Their meeting took place on September 22, 1999. The respondent explained the Commission’s vote and some of the reasons for it. When Judge Cavanaugh again voiced his opinion that the action seemed harsh, the respondent asked him if he knew what Judge Harrison had done. He then gave the judge a copy he had made of the Commission’s confidential memorandum. The respondent did not intend for Judge Cavanaugh to pass the memorandum on to Judge Harrison. Given the sequence of inquiries by the judges and his knowledge that they were friends, however, the respondent should have known that Judge Cavanaugh would deliver a copy of the memorandum to Judge Harrison.

Judge Harrison did receive the memorandum. The Commission’s investigation was ultimately settled by agreement; he received a private reprimand upon the condition that he make public speeches on legal ethics. In the meantime, however, Commission staff began to suspect that confidential information regarding the investigation had been to Judge Harrison or his counsel. Judge Harrison’s counsel had mentioned to a staff member that he had read an investigative memorandum of some sort, and a witness identified in it complained that the judge knew of information the witness had provided to Commission staff. When these suspicions were raised at a Commission meeting, the respondent failed to disclose his role in the matter.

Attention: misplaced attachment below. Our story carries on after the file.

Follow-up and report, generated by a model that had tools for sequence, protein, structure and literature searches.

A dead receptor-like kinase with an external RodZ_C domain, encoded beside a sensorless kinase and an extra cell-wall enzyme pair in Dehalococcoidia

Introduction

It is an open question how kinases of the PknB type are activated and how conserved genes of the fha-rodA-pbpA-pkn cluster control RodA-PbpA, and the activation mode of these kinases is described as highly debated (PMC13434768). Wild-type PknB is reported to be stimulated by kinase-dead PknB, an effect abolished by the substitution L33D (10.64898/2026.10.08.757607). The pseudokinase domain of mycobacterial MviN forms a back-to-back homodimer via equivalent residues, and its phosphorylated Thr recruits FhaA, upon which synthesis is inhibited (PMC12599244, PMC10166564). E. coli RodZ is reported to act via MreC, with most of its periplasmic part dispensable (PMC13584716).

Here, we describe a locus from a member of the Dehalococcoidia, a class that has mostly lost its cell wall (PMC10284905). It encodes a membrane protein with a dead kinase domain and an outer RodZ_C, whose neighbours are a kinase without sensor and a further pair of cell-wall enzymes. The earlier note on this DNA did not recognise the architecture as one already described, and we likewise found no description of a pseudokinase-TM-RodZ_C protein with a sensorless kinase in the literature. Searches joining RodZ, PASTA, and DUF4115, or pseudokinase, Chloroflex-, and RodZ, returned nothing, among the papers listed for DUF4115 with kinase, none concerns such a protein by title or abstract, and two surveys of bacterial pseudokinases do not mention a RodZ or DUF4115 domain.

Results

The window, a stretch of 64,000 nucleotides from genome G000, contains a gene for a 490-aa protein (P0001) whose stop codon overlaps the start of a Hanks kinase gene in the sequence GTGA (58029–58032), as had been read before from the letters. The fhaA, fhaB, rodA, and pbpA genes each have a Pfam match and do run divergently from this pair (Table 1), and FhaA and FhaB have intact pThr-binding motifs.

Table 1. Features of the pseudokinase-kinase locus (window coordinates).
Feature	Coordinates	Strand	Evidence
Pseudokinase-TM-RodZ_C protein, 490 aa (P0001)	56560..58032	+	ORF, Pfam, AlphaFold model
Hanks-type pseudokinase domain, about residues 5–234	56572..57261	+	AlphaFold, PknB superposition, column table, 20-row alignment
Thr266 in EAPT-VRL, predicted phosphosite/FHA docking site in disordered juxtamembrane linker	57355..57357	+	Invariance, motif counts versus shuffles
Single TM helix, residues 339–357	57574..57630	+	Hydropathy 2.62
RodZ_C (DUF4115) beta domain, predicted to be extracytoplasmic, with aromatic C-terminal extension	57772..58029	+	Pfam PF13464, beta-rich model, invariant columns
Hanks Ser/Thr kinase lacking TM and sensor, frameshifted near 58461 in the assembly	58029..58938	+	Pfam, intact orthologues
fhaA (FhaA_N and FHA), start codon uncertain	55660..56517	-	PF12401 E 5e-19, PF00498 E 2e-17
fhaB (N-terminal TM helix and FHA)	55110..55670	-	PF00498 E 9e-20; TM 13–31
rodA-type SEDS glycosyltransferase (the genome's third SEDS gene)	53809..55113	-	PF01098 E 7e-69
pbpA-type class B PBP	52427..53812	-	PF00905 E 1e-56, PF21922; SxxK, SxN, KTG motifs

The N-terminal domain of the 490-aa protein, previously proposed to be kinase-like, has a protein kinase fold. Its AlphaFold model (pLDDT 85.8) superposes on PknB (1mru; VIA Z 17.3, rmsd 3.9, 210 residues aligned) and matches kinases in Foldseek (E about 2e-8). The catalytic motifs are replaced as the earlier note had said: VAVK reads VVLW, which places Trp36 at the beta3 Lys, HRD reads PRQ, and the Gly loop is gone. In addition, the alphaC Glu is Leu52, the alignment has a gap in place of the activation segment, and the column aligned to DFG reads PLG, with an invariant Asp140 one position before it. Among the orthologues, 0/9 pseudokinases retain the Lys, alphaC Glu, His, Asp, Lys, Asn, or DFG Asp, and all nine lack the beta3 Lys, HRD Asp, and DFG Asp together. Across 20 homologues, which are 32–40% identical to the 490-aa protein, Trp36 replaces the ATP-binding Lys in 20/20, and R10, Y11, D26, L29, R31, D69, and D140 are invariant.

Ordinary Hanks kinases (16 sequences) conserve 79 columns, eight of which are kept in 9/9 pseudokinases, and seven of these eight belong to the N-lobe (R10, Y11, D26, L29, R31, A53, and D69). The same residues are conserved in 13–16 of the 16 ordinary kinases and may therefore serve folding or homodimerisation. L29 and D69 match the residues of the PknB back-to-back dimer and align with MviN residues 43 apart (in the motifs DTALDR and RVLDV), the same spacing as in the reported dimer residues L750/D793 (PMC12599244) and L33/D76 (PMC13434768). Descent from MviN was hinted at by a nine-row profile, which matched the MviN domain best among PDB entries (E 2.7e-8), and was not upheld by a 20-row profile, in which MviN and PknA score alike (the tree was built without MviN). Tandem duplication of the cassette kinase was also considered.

Responding to a formal request made by vote of the Commission in March 2000, the Supreme Judicial Court appointed Robert J. Muldoon as special counsel to investigate whether anyone had improperly disclosed confidential information concerning the investigation of Judge Harrison. The respondent was aware of the vote. As part of his investigation, Mr. Muldoon interviewed Commission members and staff. When he interviewed the respondent, who was not under oath or represented by counsel, the respondent falsely denied having any knowledge regarding the disclosure of confidential information about the investigation.